Thursday, May 16, 2013

Jacob 6: Badly in Need of a Retcon

Jacob Mixes his Metaphors
Our current protagonist just got finished relating a very complicated vineyard allegory in which the prophets were servants in the vineyard and the people (both Israelites and Gentiles) were represented by various branches of various trees.  But before moving on to another topic, he makes this statement in verse 3:
And how blessed are they who have labored diligently in his vineyard
Wait—based on the allegory he's referring to, those who labored in the vineyard were God's prophets.  Is he telling his people "your prophets are blessed because of their work?"   Because that doesn't seem very useful, considering he spends this chapter trying to scare people out of Hell.  He must be referring to his people when he refers to laborers, which flies in the face of the detailed illustration of God's plan he provided in the previous chapter.

Jacob Forgets The Hands-Off Approach
The prophet makes some interesting amnesiac comments about God across several verses.
He [God] stretches forth his hands unto them [Israel] all the day long
...cleave unto God as he cleaveth unto you. have been nourished by the good word of God all the day long 
But this everpresent, relentlessly nurturing God is the same one who disappeared twice in the middle of the Allegory of the Olive Tree and was happy to give up and burn stuff if his servants didn't talk him out of it.  Clearly, Jacob has as selective memory.   Because the god he described in the previous chapter doesn't stretch his hand forth all the day long, doesn't cleave unto his children and doesn't nourish us with his word all the day long.


  1. You make some great points.

    In church, a few days ago, a woman spoke of her mother who didn't have a burning in the bosom testimony but rather served out of a sense of duty. Her mother was still a very strong member who loved to magnify her callings. I guess she is cleaving unto god even though he isn't there to answer her and despite her faithful service. I wonder what percent of active members are the same, they don't "know" yet they go out of duty to their ancestors or family. I know my wife and I fit into that category to a certain extent.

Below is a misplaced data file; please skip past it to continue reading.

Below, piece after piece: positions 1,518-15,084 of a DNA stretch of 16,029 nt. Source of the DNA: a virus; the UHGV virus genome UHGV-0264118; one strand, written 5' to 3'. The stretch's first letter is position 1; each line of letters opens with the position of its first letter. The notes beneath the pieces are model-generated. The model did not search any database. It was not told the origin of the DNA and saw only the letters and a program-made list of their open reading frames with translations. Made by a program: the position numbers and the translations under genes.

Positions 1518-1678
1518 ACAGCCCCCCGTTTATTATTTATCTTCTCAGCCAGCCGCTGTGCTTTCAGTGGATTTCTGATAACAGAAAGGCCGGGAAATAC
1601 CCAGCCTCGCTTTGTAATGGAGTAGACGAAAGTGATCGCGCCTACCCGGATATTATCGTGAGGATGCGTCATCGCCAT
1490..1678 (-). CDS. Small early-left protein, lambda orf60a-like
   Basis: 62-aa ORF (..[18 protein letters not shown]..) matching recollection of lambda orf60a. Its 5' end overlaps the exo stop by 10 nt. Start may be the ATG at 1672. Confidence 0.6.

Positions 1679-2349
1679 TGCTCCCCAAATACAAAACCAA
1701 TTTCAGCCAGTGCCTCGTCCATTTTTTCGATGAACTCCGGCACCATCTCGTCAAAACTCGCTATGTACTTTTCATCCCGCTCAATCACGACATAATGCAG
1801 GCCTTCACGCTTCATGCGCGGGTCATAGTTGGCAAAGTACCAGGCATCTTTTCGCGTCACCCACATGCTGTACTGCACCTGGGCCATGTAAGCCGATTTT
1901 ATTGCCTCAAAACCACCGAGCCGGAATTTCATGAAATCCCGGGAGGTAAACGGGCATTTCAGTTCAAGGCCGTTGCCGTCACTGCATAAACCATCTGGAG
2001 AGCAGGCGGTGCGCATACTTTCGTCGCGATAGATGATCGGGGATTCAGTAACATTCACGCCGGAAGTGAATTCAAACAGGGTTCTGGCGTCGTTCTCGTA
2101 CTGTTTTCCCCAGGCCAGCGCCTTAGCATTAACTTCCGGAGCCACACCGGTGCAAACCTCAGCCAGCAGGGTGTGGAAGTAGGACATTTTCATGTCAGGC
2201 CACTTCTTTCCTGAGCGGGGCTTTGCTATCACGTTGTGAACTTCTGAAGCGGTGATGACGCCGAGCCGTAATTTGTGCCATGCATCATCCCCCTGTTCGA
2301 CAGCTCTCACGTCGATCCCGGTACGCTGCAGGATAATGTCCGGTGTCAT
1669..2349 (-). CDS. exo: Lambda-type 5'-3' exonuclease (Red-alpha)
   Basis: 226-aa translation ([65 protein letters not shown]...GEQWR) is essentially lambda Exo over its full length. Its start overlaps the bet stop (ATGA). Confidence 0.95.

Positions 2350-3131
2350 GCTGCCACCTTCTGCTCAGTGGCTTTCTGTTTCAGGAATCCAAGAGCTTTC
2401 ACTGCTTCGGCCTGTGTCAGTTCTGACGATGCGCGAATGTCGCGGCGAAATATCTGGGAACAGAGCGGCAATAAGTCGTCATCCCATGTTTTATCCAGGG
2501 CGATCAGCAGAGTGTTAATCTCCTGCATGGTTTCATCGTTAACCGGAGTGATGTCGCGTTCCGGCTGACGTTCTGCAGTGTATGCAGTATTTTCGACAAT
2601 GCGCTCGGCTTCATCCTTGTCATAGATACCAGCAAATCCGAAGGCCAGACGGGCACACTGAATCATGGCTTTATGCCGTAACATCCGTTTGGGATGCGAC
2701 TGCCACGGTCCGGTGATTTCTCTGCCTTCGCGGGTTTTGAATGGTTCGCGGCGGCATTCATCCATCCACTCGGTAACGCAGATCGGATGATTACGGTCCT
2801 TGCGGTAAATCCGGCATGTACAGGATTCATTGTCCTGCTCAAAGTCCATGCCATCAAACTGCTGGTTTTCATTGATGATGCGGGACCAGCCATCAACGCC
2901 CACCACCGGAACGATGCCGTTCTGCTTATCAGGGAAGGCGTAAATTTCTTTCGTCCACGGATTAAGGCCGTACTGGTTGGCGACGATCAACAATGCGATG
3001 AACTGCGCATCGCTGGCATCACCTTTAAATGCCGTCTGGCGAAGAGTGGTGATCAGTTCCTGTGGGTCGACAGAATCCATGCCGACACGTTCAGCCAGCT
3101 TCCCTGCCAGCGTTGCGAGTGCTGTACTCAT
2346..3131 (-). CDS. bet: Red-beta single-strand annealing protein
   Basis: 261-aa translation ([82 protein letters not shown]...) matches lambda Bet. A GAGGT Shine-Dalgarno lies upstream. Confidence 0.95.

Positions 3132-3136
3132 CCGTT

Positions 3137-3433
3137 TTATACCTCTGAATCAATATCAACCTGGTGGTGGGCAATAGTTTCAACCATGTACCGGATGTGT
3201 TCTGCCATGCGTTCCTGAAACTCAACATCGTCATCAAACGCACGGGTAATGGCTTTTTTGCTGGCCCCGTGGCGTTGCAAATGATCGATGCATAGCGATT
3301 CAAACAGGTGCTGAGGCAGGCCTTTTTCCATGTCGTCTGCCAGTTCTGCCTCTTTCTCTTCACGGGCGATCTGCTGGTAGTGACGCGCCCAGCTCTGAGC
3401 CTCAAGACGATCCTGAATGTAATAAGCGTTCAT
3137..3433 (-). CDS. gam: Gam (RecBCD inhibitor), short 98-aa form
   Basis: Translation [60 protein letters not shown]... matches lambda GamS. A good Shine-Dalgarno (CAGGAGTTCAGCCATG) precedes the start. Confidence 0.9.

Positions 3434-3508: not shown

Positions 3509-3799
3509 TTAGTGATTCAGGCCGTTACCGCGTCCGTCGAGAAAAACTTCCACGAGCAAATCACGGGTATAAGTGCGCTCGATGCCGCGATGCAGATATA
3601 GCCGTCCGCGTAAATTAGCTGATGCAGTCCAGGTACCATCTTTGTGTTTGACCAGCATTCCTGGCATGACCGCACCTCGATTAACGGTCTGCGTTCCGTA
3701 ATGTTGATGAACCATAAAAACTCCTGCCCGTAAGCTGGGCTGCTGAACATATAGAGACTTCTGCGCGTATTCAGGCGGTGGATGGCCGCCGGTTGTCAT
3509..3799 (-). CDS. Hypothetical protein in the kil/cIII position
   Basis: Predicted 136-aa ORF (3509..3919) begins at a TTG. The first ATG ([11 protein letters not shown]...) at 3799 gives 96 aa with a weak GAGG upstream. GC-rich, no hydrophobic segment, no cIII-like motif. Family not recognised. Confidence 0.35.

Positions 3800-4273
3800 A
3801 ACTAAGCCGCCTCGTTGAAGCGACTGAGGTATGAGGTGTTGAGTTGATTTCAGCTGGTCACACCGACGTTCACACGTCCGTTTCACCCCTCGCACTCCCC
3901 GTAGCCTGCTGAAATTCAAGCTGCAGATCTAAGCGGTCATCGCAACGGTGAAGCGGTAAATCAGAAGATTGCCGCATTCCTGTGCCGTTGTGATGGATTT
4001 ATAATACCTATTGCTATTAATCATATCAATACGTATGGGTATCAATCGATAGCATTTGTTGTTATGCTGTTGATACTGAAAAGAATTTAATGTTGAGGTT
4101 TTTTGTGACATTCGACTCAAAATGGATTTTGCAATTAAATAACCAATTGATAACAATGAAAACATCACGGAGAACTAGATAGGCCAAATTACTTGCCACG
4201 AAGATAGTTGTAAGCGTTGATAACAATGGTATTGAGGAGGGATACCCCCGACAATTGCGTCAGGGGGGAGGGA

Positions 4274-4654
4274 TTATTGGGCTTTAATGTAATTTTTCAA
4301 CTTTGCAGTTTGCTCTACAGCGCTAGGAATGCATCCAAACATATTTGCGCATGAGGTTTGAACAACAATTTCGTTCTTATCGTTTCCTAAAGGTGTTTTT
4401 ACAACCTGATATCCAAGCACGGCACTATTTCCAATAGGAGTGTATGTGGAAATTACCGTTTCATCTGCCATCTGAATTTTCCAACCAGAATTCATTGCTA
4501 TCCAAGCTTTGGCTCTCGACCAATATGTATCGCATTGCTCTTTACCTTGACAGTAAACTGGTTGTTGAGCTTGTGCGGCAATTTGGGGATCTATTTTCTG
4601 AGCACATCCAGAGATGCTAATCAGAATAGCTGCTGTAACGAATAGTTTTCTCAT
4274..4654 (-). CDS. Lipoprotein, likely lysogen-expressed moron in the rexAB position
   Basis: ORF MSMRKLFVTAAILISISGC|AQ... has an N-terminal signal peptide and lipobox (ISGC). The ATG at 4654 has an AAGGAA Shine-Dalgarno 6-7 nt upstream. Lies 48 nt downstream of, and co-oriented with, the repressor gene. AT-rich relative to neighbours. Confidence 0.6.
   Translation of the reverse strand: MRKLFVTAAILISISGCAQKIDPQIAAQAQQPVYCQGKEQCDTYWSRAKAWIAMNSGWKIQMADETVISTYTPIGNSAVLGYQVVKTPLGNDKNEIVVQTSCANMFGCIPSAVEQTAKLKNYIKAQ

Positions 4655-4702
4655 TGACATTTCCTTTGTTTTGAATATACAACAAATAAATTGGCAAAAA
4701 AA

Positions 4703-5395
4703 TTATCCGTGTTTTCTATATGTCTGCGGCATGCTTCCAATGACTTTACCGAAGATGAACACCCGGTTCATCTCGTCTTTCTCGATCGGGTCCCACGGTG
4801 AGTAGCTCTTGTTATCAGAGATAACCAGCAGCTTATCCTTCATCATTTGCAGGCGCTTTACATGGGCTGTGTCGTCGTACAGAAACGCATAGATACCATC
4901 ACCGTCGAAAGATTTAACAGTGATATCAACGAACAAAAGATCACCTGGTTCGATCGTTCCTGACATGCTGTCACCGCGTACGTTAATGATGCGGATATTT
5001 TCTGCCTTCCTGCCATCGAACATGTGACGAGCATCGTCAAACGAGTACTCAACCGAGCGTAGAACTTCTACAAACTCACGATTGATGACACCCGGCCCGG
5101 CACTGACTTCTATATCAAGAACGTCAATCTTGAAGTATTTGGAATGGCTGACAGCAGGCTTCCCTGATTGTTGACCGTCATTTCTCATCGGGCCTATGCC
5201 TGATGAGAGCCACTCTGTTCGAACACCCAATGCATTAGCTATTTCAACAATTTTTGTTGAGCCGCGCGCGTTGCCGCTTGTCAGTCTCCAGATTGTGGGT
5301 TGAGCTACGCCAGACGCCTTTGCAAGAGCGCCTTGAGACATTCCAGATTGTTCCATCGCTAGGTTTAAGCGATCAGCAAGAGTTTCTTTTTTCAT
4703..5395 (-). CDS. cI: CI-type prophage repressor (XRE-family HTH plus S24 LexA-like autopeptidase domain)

1. I was like that for almost the entire time I was in the church, I just didn't realize it. I didn't know, but I thought I was supposed to know, so I fell in to this weird "fake it 'til you make it and don't let your parents down" kind of role.

      I know I'm far from the only one like that. I wish there were some kind of effective way to take a poll of active members and find out exactly how many of them thought they'd had a burning in the bosom experience.

  2. 15 years ago, I remember expressing a disbelief in the church and a dislike of the temple. I was advised to fake it. That hasn't work for me. In fact, I think if my wife and I had talked more openly about our disbelief at the time, we would be in a better position today. Also, on many occasions, I've heard people testify, mostly men, that they know the church is true, but even if it wasn't true, they would still go. They think it still teaches good principles for their family, etc. I think that statement right there shows that they don't "know." It has doubt built into it.

    Now back to your comments on Jacob. About a year ago, in fast and testimony meeting, a woman got up and told how grateful she was that god "micromanages" every detail of her life. At the time, I heard that and thought, wow, like pretty much every member of the church, this woman doesn't understand free agency. In reality the only way for people to truly have free agency is for god to leave us alone to make our own choices without immediate "blessings" that TBMs constantly seek. But I regress, we do make our own choices, and there is no "Lord of vineyard" and the servants are making it up as they go.

    1. Your bishop gave you a "fake it 'til you make it" speech? Ridiculous.

      I've definitely heard my share of "even if it's not true, it's still a good way to live" testimonies. Maybe it's unfair of me, but I consider that position to be kind of...for the weak. The church may teach some good things (family, preparedness, financial stability) but you don't need those goals and priorities to come from an outside source. If you want to have a strong family, you shouldn't need to go to a church and give it ten percent of your money to have one.

      And I agree with you that it seems like a pat on the back to people who are terrified of how little faith they might have. It's kind of a Mormon version of Pascal's wager--"even if the church isn't true, you still made a good call because it teaches good principles, so you might as well stay in just in case."

  3. No. It wasn't the bishop. It was a trainer at a self-improvement seminar run by LDS members but not affiliated with the church. He was a gentleman, probably in his upper 50's at the time.